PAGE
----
About Tribes

Tribes was conceived as a venue for underexposed artists, as well as a networking center and locus for the development  of new talent. The formation of Tribes was motivated by the thriving artistic community in and around the Lower East Side: poetry  at The Nuyorican Poets Café; performances and plays at the Living Theater; activist art at Bullet Space; as well as hundreds of artists trying to find and develop a voice in their medium and a place in which their work might be appreciated. Housed in a historic federal house built by the founder of The Nation magazine, (Hamilton Fish), Tribes is located on East 3rd Street  between  Avenues C and D.

About HOWL! Festival

Founded “to lionize, preserve,  and advance the art, history, culture, and counterculture unique to the East Village and Lower East Side,” the HOWL! Festival is a call to arms across time and boundaries of culture, taste, and creative expression. Named the Village Voice’s Best Outdoor Festival, HOWL! Festival is the quintessential community event celebrating the history and creativity of the EV/LES. The spirit of Allen Ginsberg comes alive as more  than 350 artists, poets, and performers, including youthful new talent, transform the Park into a participatory artwork  infused with the creative energy, flamboyance, and panache that’s the hallmark of the neighborhood. A three-ring circus of wonderment and amusement, HOWL! Festival is entirely FREE. Signature Events include:

•   The Great  HOWL! OUT LOUD Kids Carnival

•   Art Around the Park and Kids Around the Park

•   The group reading of Allen Ginsberg’s Howl

•   Riki Colon’s Men in Skirts

•   Chi Chi Valenti and Johnny Dynell’s Low Life 8

•   Soap Box Poets

•   The Beatification Station featuring dance and theater

•   And continuous performances on the Main and Kids Stages


X            X            X            X            X

For further information, high resolution images, interviews contact MartinMPR Susan Martin / 505 685 4664 / or Norma  Kelly / 818 395-1342 /

SAVE TRIBES! For Immediate Release!!!


From: Steve Cannon Director of A Gathering of the Tribes

SUBJECT: Help us turn 285 E. 3rd St into a non-for-profit arts residence !
!Dear Friends:

As you may already know, our landlord Lorraine Zhang has put 285 E. 3rd St. on the market, and has taken Steve Cannon to court for what she asserts is an unlawful use of the premises. As a result, we are now subject to a legally binding agreement to leave by April 15.

We are reaching out to you now with an urgent appeal to avert the displacement of Cannon and the dissolution of this internationally recognized arts space.

A Gathering of the Tribes was founded in 1990 here at 285 E. 3rd Street. We are a 501 C3 and have received funding support from the New York State Council of the Arts, NYC Department of Cultural Affairs, Jerome Foundation, Andy Warhol Foundation, Bloomberg LP, as well as an abundance of private donors.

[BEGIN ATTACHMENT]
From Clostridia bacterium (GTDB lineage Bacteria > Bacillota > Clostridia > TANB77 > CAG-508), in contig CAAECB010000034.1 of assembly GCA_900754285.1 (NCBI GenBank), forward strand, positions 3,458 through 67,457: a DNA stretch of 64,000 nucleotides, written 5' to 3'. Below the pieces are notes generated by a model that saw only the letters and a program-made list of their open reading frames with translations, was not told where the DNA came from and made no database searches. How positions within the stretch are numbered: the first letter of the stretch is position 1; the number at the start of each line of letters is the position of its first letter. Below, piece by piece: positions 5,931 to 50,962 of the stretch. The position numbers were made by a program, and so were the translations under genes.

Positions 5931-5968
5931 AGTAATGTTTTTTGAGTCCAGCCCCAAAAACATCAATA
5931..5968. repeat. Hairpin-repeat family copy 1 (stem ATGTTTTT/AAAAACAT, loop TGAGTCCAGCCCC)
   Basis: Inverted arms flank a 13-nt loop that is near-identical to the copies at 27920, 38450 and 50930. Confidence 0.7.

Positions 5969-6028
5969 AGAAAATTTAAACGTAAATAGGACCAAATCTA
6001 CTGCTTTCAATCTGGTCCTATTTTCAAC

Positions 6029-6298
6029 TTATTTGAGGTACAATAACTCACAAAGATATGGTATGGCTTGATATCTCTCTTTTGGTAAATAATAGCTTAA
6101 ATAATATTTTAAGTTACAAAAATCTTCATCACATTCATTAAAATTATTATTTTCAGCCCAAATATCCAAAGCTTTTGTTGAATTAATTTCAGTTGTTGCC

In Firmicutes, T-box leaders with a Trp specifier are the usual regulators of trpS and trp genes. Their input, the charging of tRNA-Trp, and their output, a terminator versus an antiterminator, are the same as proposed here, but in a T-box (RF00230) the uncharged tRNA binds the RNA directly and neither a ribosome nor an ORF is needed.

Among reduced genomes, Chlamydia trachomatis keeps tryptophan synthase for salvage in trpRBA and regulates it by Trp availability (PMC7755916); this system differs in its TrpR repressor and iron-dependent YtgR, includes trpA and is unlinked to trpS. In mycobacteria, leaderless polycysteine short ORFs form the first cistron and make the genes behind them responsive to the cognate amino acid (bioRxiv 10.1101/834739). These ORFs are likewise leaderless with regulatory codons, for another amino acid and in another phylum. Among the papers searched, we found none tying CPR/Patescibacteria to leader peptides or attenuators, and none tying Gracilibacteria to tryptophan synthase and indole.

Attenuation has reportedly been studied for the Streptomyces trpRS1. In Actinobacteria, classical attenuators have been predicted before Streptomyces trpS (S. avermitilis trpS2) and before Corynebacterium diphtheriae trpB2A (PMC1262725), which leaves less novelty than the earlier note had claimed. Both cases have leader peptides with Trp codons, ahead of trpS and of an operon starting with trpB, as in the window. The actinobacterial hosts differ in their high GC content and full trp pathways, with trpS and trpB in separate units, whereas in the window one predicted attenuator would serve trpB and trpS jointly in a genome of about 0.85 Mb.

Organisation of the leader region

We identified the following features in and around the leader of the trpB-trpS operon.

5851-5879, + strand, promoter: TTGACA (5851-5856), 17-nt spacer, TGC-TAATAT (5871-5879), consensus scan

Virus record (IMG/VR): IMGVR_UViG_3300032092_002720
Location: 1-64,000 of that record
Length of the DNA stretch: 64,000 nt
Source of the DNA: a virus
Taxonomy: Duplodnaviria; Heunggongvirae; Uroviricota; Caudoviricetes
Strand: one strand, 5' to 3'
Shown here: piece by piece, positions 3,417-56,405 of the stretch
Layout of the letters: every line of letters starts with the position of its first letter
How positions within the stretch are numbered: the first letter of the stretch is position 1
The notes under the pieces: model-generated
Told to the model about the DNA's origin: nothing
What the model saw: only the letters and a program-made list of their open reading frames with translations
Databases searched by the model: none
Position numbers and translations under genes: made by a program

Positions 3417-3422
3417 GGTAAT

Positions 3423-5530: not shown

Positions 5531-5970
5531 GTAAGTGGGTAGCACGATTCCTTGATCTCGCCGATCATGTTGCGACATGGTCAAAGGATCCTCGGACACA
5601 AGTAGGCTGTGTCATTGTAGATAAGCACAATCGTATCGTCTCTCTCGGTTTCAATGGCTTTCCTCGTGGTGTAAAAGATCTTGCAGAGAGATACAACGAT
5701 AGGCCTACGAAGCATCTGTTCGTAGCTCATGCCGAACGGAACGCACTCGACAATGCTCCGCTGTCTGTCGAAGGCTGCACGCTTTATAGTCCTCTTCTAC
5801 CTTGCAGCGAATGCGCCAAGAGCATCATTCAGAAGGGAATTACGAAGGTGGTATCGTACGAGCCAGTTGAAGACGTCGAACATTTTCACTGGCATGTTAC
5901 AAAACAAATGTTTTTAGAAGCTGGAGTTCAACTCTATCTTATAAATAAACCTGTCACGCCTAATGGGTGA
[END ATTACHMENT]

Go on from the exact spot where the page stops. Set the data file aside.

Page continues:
Our literary magazine, which is published annually, is distributed to museums, schools and libraries worldwide. Our gallery space showcases both seasoned and emerging artists from across the US, as well as Russia, India, China, Africa and beyond. We host an average of 10 exhibitions per year, in addition to the annual Charlie Parker Festival in August. Fly By Night Press, our publishing arm, publishes poetry by writers from diverse backgrounds. Tribes also sponsors and hosts music and dance performances, poetry readings, lectures, forums, open mic’s, and other happenings. We have been featured in the Wall Street Journal, the New York Times, literary magazines, art journals and numerous local and international publications.

Because we’ve been established for close to 25 years and have made the East Village our home, we would like to continue to operate here and offer a base of support and community for artists in our neighborhood.

This is why we need your help. Tribes is in search of a benevolent donor to purchase this property on behalf of our 501 C3. We plan on continuing and expanding our activities on the second floor as described above (gallery, poetry and performance salon, publishing magazine bi-annually, as well as 2 to 4 books per year). And we would like to convert the rest of the building to residences for poets, writers, musicians, and artists of all stripes. Our plan is to partner with foundations, schools or other institutions that can provide stipends to artists to reside here for 3-6 months, up to 1 year periods of time. We will continue offering internships through local universities to young artists, who can get involved in our programming and be mentored by the artists we house.

In order to manage such an operation, we would expand our staff to include at minimum a full-time office manager, grant writer, program coordinator, online editor and maintenance staff.